Sunday, May 31, 2009

Who's Afraid of the Big, Bad, Wolf?

In 1933, Walt Disney and Company released it's first short film in color. It was a much discussed move from the black and white shorts and the cost at first seemed prohibitive. Along with adding color to this short, Walt also wanted to set it to music. Frank Churchill was brought in to write a song to move the story along. It was a risky move and one that Disney hoped would pay off. It didn't take long, for the Three Little Pigs to take off and become a huge success.

In 1934, it won an Academy Award for Best Short Subject, and the title song, "Who's Afraid of the Big, Bad Wolf" became a best selling single, and kind of became an anthem for the Depression-weary Americans. It was voted one of the top 50 Greatest Cartoons, was selected for preservation in the Library of Congress because it is "culturally, historically, or aesthetically significant," and to this day is considered the most successful animated short ever made.

Although a very popular short (even more so over the years), this film became one that Disney would reference as his inspiration not to ride along on its success, but to continue to press on with ground-breaking, risk-taking ideas that were bigger and better than the last. The saying, "You can't top pigs with pigs!" became one of Walt's favorite slogans.

It's no wonder that when Disneyland opened in 1955 and began offering photo opportunities, that the Three Little Pigs and the Big Bad Wolf were among them. Here is a picture of them in the early days of the park.

Imagine our surprise last October when we came around the end of Hollywood Boulevard in DCA and found the Big Bad Wolf posing for photos. His costume is practically the same as it was back in the 1950's. I have a copy here in black and white so you can compare.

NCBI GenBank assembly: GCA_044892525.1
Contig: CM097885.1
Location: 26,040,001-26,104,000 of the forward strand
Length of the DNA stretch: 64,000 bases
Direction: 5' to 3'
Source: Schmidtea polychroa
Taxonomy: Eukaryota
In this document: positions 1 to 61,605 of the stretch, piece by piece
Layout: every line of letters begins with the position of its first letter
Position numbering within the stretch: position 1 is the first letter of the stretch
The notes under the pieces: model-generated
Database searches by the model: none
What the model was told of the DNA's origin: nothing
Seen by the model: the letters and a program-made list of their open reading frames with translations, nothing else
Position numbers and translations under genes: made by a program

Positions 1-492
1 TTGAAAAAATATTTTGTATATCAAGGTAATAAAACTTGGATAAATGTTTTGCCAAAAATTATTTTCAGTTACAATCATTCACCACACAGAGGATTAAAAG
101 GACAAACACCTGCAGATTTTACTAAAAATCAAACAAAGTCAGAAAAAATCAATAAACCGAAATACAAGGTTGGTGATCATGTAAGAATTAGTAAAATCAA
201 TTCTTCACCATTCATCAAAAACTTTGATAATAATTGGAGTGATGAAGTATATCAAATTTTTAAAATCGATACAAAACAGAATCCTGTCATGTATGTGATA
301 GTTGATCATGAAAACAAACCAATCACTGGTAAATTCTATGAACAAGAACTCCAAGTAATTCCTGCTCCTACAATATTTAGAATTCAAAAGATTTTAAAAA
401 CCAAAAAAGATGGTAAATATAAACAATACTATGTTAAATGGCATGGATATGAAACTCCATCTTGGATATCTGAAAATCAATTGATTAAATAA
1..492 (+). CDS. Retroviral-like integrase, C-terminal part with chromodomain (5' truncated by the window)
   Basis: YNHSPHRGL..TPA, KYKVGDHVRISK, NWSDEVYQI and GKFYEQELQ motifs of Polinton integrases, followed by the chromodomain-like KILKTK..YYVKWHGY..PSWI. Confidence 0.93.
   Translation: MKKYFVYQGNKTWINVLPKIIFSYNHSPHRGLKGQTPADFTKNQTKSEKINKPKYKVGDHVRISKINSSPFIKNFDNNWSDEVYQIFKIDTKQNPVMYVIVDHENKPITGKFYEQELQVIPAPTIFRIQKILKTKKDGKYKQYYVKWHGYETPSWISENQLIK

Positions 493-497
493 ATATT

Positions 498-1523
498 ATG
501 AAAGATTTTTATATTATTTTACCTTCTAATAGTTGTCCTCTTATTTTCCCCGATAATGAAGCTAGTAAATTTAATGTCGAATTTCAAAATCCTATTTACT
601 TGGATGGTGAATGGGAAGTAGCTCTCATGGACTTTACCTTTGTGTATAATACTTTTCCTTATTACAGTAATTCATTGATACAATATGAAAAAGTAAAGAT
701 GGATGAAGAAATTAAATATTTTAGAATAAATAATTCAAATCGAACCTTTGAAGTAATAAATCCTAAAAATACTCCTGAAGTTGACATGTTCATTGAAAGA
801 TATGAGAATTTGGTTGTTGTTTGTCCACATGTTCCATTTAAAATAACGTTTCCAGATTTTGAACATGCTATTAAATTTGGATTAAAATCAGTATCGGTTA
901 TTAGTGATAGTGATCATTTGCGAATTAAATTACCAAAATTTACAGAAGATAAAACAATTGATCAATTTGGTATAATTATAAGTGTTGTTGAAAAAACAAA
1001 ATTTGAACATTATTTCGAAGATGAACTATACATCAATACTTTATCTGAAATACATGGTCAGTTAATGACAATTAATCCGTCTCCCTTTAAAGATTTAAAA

We were thrilled to get this picture with Mr. Wolf as it was kind of like getting a picture with an icon of Disney history. So if you are ever wandering around Disneyland, DCA or WDW, and you see Mr. Wolf or any of the Little Pigs, be sure to stop and take a picture with them. They were an important and influential part of making the Disney Corporation what it is today.

If you have never had the opportunity to watch the Three Little Pigs, here is a link:

Monday, May 25, 2009

Boudin Bakery - DCA Pacific Wharf

When you go to the park as often as we do, the food becomes pretty monotonous. So, even though we have our favorites, we try and switch it up as often as we can. There are and will always be those places you frequent and never return to again, and then there are those that you keep in the line-up and this is one of them!

First of all, they bake fresh bread in the shape of Mickey heads! How great is that?

If you rent a locker, this bread is really good and if definitely worth taking home, buy if you don't have a locker, you don't want to have to haul it around the park for the next 10 hours.

The small rounds of bread are for the soup and salad bowls. This is why we eat here!!!
I love the broccoli cheese soup in the bread bowl and a chocolate chip cookie for dessert.

My sister on the other hand loves the tuna salad with calamata olives and green beans and a Mickey Rice Krispy treat for dessert.

The food at the bakery is definitely a winner and I highly recommend it!

Monday, May 18, 2009

The New Face of Paradise Pier

We were surprised to find the Mickey's Fun Wheel and the new center of California Screamin' completed when we were at DCA last night. I snapped a few shots of them. The pond is still under construction for the new amphitheater and night time water show, so you can see that in the foreground of the photos.


The Sun Wheel (with the Maliboomer in the background)

California Screamin' (note the small Paradise Pier sign below)

The Sun Wheel and Screamin' at night.

Imagineer's concept art of the new face of Paradise Pier:

(notice the Hidden Mickey in this picture?)

AFTER: Tada! The new face of Paradise Pier:

The Orange Stinger hasn't begun it's transformation into Mickey's Silly Symphony yet, but it is scheduled to begin in June.